Black economic empowerment (BEE) is not helping to reduce poverty and inequality, African National Congress treasurer general Mathews Phosa said on Thursday.
"Marikana taught us that... our [BEE] model is dysfunctional, and that we need to be creative when old order models of negotiation are discarded by the disenfranchised," Phosa said in a speech prepared for delivery in Johannesburg.
"If the miners at Marikana, and elsewhere, had a meaningful stake in the assets that they create, my view is that we would have had different and more positive outcomes."
He was referring to the shooting dead of 34 striking Lonmin platinum mine workers by the police in Marikana on August 16.
BEE had not made any meaningful contribution towards alleviating poverty and unemployment.
"What it did do is create an upper class of wealthy black investors who initially funded their wealth with debt through the acquisition of shareholding in successful white or international businesses."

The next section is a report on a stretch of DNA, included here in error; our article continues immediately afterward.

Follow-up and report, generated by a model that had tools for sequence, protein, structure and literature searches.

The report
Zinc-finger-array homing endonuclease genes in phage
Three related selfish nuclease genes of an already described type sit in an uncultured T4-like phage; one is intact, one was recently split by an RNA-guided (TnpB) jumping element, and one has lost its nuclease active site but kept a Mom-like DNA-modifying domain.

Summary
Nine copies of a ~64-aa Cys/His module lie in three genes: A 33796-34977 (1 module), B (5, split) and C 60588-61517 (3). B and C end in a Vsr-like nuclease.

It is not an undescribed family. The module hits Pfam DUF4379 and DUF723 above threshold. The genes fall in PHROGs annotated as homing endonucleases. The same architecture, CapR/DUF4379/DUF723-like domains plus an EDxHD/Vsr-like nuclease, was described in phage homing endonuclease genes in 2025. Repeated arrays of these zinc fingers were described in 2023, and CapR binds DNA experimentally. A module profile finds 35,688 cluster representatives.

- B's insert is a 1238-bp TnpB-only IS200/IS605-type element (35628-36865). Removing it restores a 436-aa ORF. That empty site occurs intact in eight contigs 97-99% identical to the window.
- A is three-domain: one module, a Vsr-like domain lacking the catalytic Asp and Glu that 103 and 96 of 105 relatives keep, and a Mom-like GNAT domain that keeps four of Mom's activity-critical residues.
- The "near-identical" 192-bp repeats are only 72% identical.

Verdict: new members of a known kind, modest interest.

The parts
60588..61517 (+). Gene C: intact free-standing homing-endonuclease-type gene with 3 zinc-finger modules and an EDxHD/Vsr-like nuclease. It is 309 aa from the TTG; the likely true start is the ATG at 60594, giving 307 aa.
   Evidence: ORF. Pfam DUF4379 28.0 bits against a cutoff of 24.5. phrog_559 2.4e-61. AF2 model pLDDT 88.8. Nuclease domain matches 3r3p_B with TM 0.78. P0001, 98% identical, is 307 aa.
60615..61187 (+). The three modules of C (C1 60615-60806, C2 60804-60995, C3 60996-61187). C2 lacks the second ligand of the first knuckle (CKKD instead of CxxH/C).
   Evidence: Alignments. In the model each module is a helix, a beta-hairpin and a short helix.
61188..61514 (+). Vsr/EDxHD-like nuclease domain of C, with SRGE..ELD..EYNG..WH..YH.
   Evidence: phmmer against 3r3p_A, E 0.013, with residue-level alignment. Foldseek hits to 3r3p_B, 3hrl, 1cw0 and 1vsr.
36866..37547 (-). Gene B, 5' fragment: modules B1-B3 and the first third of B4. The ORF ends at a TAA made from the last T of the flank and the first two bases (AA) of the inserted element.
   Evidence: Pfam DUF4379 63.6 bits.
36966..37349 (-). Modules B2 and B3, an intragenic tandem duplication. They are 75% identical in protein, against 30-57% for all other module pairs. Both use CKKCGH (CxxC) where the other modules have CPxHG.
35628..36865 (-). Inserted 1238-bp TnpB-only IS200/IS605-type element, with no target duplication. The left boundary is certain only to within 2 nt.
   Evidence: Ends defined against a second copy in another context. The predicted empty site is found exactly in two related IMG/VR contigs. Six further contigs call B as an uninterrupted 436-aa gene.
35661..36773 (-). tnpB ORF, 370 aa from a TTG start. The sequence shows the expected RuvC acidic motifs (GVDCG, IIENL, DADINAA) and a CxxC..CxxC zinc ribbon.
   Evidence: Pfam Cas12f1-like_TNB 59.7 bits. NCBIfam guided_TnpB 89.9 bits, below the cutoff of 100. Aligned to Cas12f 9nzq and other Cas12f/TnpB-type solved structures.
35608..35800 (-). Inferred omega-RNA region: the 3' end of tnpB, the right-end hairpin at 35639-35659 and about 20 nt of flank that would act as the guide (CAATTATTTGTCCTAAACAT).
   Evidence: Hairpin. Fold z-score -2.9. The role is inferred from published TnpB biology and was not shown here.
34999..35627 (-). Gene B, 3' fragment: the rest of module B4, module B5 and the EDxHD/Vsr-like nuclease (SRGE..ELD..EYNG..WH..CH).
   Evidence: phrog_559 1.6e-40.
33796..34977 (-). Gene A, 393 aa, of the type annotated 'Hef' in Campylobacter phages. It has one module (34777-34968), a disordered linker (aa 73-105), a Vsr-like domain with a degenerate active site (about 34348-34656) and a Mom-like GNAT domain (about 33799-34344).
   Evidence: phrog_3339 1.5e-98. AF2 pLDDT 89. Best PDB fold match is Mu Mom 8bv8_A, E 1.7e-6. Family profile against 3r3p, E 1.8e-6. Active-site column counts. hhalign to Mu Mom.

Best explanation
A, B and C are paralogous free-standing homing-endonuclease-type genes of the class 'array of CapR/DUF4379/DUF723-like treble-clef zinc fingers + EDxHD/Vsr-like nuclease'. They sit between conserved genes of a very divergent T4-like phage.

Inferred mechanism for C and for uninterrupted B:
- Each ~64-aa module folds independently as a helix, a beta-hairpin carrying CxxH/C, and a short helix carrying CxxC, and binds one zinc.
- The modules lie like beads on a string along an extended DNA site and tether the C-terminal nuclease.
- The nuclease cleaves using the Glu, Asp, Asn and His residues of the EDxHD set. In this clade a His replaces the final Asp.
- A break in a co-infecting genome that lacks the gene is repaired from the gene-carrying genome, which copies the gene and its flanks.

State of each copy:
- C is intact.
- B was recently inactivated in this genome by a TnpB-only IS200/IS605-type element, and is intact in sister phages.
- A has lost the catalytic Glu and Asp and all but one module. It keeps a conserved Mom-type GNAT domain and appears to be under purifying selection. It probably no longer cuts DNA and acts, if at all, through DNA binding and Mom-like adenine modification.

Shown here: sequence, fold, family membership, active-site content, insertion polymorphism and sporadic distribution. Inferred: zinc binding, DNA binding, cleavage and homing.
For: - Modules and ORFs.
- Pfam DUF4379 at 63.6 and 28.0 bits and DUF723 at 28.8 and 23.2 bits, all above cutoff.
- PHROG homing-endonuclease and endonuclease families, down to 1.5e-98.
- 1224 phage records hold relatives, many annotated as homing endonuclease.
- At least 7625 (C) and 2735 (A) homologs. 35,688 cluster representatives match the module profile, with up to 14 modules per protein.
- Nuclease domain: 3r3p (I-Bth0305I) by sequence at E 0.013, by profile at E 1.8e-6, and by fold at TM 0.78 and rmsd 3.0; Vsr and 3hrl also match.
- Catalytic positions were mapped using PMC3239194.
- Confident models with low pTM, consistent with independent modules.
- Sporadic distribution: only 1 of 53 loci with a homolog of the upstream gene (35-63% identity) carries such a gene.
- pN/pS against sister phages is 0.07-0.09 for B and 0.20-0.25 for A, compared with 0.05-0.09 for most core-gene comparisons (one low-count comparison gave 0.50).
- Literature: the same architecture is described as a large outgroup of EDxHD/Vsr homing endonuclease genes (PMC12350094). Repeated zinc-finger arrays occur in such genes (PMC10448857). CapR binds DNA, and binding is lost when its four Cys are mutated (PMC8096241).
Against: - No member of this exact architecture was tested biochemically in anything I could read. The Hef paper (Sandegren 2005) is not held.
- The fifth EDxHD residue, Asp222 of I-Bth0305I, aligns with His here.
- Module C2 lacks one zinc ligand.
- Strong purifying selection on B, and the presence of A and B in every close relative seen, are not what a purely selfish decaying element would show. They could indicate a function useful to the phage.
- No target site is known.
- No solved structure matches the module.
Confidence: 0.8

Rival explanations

Successful economic transformation needed black entrepreneurs who were not the beneficiaries of wealth created by others.
"The simple fact is, whether we are white or black, there is a dire need for broader participation in the wealth of this country in a way different from the current model," he said.
Wealth was never given away or successfully redistributed through force. The country's circumstances however showed that the wealth and ownership gap needed to be closed.
"If we hesitate in doing so, we will be the architects of our own demise."
He said South Africa's current policy drift and the public's opinion on these matters were not helping.
The time that elapsed between the crisis, the policy solution and its implementation did not contribute to social stability.
Phosa was delivering the memorial lecture of Negotiated Benefit Consultants founder and chairperson Thamsanqa Max Maisela.